Food
As I studied food from the depression era, it varied from squirrel stew and canned dandelion weeds to poor man's bread. What I also found was that the less people had, the more creative they became. Food that didn't seem edible when they were full, became edible when they were hungry. If they didn't can everything that grew in the summer, they would go hungry in winter. It's the old storing-up idea, and it's a good idea at that. The book of Proverbs says that even the ants store up food for the winter. Most people don't even think about storing up – with maybe the exception of that Y2K scare we had a few years ago and that junk in the garage. We have everything we need for now – fast food, pre-packaged instant meals, and quick made-to-order-whatever-you-please.

Learning from History
We know the war came on the heels of the depression, but what preceded that time? For the sake of chronology, let's take a step back and look at what was going on before those depression years, the 1920s. What were the 1920's like? In my novice speculation, they were years of excess – free fancy – forget about God and His commands and live for today! As the book of Judges repeatedly says, "everyone did what seemed right in his own eyes." I see the same thing mirrored in our day – the same absence of following God's commands and worse yet, legal action for the mere acknowledgement of Him in our society. Man was not only hedonistic, man put his trust in man and what followed was a collapse of man's empires. Does that give us any clue as to what could transpire in the future as we continue to echo that philosophy?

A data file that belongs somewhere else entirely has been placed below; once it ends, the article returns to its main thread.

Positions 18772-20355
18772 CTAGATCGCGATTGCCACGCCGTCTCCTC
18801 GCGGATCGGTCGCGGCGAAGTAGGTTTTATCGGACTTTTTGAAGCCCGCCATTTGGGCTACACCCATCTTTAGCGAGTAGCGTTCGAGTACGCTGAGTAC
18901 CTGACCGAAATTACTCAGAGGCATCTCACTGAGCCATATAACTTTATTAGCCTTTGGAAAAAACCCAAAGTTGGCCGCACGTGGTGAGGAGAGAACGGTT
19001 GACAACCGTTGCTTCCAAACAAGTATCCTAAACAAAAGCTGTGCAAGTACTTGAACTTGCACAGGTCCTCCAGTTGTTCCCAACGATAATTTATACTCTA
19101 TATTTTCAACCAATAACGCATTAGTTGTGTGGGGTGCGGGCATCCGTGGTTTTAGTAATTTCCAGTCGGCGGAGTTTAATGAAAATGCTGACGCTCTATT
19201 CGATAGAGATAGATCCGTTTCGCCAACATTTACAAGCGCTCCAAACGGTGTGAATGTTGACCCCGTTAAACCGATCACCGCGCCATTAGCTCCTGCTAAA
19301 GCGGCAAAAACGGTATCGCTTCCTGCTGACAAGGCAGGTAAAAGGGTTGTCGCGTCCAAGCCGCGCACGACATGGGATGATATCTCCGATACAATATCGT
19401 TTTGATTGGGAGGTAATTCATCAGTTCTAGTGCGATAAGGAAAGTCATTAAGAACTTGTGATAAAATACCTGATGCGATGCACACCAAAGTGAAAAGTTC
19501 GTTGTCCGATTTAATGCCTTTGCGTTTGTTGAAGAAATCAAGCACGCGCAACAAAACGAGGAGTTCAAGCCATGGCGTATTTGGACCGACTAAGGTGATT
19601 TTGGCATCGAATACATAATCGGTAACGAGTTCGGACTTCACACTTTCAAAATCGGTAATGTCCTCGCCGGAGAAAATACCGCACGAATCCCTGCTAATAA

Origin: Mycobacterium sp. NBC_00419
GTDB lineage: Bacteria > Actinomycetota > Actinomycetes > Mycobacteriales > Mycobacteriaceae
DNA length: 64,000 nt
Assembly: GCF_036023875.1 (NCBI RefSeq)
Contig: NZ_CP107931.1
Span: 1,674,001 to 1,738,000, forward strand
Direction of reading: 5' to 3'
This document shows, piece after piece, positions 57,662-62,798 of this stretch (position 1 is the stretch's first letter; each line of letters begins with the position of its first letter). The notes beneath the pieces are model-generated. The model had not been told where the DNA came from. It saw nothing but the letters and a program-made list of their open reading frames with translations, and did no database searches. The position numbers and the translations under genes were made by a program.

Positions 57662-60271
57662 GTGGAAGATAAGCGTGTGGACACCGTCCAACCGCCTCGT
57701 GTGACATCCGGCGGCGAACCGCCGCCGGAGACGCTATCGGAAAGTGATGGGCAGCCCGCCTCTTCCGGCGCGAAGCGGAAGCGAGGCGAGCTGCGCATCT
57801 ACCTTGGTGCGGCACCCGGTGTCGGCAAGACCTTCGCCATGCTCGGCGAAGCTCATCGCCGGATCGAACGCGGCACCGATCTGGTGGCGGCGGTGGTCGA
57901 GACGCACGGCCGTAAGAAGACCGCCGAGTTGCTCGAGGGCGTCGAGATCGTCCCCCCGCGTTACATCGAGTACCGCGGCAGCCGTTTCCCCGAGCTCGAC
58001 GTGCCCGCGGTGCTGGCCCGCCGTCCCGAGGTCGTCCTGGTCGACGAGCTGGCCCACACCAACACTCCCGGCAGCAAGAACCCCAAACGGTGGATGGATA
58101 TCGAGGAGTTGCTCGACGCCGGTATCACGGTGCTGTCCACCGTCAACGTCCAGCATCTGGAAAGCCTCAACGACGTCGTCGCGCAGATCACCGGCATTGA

What about right now in our homes and our homeschooling? Can we apply what we learn from history even here? Are we putting trust in our own seemingly good ideas, or in God's precepts? Is our own little empire on the verge of collapse as we fall into a spiritual type of depression? Has our Christian walk been up and down – similar to living it up in the 1920's and then into a depression like the 1930's?

Though the Great Depression created a never-give-up spirit, a "spiritual depression" creates just the opposite: apathy. The only benefit of going through a spiritual depression is that we finally realize the need for better food for our souls, and we come to the conclusion that we cannot build good character traits from "doing without." One of the marks of the Great Depression was the food eaten, whereas the mark of a spiritual depression is that the food that God has provided is not eaten. What have we been storing up and feeding our spirits?